Reid Ewing From “Modern Family” Talks About Body Dysmorphic Disorder And His Plastic Surgery Nightmares

November 20, 2015 / Posted by:

27-year-old Reid Ewing plays Haley’s stoner on-and-off-again boyfriend on Modern Family and in an essay for HuffPo, he writes that a year before he got the role he started a terrifying plastic surgery journey that jacked him up on the inside and the outside. Reid writes that when he first moved to L.A., he’d sit alone in his apartment and just analyze his face from every angle. Now, that may not seem that weird to you since 85% of the people with an Instagram account do that for hours while taking selfies. But when Reid looked in the mirror, he didn’t like what he saw.

When Reid was 19, he met with a plastic surgeon for the very first time and he was convinced that one surgery would solve all of his issues and he’d come out looking like an adonis. He told the plastic surgeon that he’s an actor and he felt like changing his face would help his career. The doctor agreed with him. The doctor told him he should get large chicken cutlet cheek implants installed and he went with it. Reid says that on the day of his surgery, his plastic surgeon was pretty cold with him and when he woke up, the pain made him scream and cry, which the staff thought was funny.

For two long weeks, he looked like the Phantom of the Damn Opera, because he had to wear a full face mask, something he says his plastic surgeon never told him about. Reid hid out for two weeks while his face healed and when it came time to take off the badges, he hated what he saw. He was a swollen mess. After the swelling went down, he says his cheek implants did the opposite of what they were supposed to do and he looked like a malnourished zombie. His family thought he had the sicks. Reid hated the way he looked even more so he stayed inside as much as possible. His plastic surgeon refused to operate on him for six months so he went to a different one:

The next one I found was even less qualified, but I didn’t care; I just wanted out of my situation. I told him my story, and he suggested I get a chin implant. I asked if it would repair my sunken-in face, and he said I would be so happy with my looks it wouldn’t matter to me. The same day he brought me into his back office and operated on me.

Like before, I went into hiding post-surgery. Only a few days passed when I noticed I could move the chin implant under my skin, easily moving it from one side of my face to another. I rushed back to the surgeon, and acknowledging he had made a mistake, he operated on me again.

Reid was only 20 when he got that wonky chin implant. He says that for the next few years, he got his face tucked, rotated, cinched and filled several times by  two doctors. He paid for all of his procedures with his acting money and cash he borrowed from his family, but he says that plastic surgery isn’t as expensive as you’d think it is. He says that many back alley doctors keep prices low so they can get a whole lot of patients.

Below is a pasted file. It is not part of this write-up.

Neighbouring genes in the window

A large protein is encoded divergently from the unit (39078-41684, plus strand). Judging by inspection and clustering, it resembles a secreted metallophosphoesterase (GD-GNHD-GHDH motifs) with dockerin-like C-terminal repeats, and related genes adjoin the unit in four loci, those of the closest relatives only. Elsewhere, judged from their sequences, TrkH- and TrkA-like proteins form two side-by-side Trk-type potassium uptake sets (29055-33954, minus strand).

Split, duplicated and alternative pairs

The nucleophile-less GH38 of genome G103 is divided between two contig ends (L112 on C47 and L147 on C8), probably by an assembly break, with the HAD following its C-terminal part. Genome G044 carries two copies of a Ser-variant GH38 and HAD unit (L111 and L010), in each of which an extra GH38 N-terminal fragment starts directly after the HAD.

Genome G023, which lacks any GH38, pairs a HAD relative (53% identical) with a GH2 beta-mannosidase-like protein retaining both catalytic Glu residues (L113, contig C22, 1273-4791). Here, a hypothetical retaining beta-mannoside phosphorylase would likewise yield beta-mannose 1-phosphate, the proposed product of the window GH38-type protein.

In 2012, four years after his face was touched with a plastic surgeon’s scalpel for the very first time, he decided that he was done with getting his mug worked on and vowed to never get plastic surgery again. Back then, he still hated the way he looked, but eventually he grew to be comfortable with his looks.

He side-eyes all the doctors who worked on him, because he suffered from eating disorders before and none of them asked him about his mental health history or said, “Trick, you need to see a psychiatrist.” He thinks that many of those shady surgeons don’t bring up BDD because it’s bad for business.

People with body dysmorphic disorder often become addicted to cosmetic surgery. Gambling with your looks, paired with all the pain meds doctors load you up on, make it a highly addictive experience. It’s a problem that is rarely taken seriously because of the public shaming of those who have had work done. The secrecy that surrounds cosmetic surgery keeps the unethical work practiced by many of these doctors from ever coming to light. I think people often choose cosmetic surgery in order to be accepted, but it usually leaves them feeling even more like an outsider. We don’t hear enough stories about cosmetic surgery from this perspective.

He ends his essay by saying that he’s okay with how he looks now and he doesn’t think plastic surgery is the work of the devil.

Plastic surgery is not always a bad thing. It often helps people who actually need it for serious cases, but it’s a horrible hobby, and it will eat away at you until you have lost all self-esteem and joy. I wish I could go back and undo all the surgeries. Now I can see that I was fine to begin with and didn’t need the surgeries after all.

And this is what Reid looked like before all the surgeries:


You can read his entire piece here and it’s even more sad and scary than an episode of Botched. Reid’s piece is insightful, but while reading it, I realized how obsessed I am with eyebrows. I thought about how magnificent his are and if I found out that a doctor recommended that he should get his brows trimmed, I’d report that bitch to the proper authorities!

Pics: ABC/Getty, Johnny Olson/HuffPo

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